Cooking up 'nanorust' could purify water

 作者:褚坚苠     |      日期:2019-03-02 01:06:00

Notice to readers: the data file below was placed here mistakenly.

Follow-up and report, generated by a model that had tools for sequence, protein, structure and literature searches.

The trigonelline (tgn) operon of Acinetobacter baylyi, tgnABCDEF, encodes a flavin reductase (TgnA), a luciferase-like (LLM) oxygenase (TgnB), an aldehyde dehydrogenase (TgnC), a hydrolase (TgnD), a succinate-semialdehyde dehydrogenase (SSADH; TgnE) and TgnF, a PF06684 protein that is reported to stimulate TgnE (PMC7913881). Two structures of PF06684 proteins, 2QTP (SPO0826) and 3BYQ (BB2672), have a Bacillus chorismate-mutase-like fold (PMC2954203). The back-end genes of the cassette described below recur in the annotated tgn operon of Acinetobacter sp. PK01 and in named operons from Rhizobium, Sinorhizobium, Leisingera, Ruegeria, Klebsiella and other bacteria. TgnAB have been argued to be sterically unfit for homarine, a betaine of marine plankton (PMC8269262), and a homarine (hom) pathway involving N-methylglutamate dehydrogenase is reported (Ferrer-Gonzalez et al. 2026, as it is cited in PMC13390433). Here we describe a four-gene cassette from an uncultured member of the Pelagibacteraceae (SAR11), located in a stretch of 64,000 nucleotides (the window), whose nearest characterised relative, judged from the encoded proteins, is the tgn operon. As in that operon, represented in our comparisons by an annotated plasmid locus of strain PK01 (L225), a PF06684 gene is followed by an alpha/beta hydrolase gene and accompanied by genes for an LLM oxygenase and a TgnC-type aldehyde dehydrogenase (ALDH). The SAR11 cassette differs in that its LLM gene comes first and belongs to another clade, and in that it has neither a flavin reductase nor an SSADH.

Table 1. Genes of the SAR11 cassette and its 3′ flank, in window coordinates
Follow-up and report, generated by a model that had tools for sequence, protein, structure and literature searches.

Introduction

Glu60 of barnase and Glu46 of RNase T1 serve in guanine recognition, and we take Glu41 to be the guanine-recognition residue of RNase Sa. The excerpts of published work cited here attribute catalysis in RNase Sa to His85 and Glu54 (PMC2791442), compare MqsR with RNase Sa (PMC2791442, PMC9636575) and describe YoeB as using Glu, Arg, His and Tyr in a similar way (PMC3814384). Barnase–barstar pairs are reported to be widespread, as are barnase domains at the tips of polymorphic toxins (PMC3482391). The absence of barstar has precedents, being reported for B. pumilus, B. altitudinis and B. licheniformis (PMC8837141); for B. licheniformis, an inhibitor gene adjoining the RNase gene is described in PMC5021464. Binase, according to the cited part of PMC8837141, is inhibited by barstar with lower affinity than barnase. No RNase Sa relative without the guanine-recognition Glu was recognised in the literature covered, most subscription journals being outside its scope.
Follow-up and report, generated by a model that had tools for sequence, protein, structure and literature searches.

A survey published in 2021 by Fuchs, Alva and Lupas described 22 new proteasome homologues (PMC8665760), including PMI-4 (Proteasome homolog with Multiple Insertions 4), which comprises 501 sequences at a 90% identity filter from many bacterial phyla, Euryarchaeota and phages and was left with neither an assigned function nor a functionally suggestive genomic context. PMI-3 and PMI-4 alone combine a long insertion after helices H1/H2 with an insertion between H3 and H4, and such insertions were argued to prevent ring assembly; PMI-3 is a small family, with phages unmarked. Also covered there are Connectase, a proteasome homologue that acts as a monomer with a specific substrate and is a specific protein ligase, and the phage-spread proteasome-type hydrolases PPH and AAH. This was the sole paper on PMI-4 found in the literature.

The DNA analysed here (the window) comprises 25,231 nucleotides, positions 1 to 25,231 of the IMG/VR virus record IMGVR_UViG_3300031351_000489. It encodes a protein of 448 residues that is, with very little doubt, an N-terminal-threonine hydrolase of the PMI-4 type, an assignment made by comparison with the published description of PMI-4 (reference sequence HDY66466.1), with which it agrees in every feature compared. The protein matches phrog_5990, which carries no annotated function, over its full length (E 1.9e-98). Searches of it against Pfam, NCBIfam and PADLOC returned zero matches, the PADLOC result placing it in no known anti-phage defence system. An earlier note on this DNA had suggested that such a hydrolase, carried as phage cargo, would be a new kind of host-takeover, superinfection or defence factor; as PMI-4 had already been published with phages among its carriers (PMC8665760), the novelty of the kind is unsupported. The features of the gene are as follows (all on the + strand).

By Zeeya Merali A new recipe for “nanorust” could give developing nations a cheap tool for removing arsenic from drinking water. Arsenic contamination is linked to bladder cancer and is a big problem in many places, especially in Bangladesh and the neighbouring Indian state of West Bengal. Chemists know that arsenic binds particularly well to iron oxides, including rust, but practical techniques for doing this have been slow and laborious. Vicki Colvin and colleagues at Rice University in Houston, Texas, realised that the efficiency of this process could be improved by reducing the size of the iron oxide particles employed. This is because a given weight of smaller particles has more surface area available for binding than the same weight of larger particles. “One kilogram of nanorust has the same surface area as a football field,” says Colvin. “Basically, you can treat a whole lot more arsenic with less material.” The team added nanoscale iron oxide to contaminated water, where it clumped together with the arsenic. They then magnetised the nanoparticles with an electromagnet and pulled them out. “We only needed a surprisingly weak magnetic field,” says Colvin. “In fact, we could pull them out with just a hand-held magnet, making this a very practical method.” They believe that only a small field was needed because the magnetised nanoparticles line up to form a single giant magnet and drag each other along. At the moment, the high cost of making nanoparticles means the trick is too expensive to be used widely. In principle, however, the nanoparticles are easy to make: the team created them by dissolving large pieces of rust in heated oleic acid, which can be found in ordinary olive oil. “The temperatures needed are accessible in a frying pan,” Colvin adds. “So we are now trying to develop a production method using ingredients and equipment that are available in poorer nations.” Journal reference: Science (vol 314,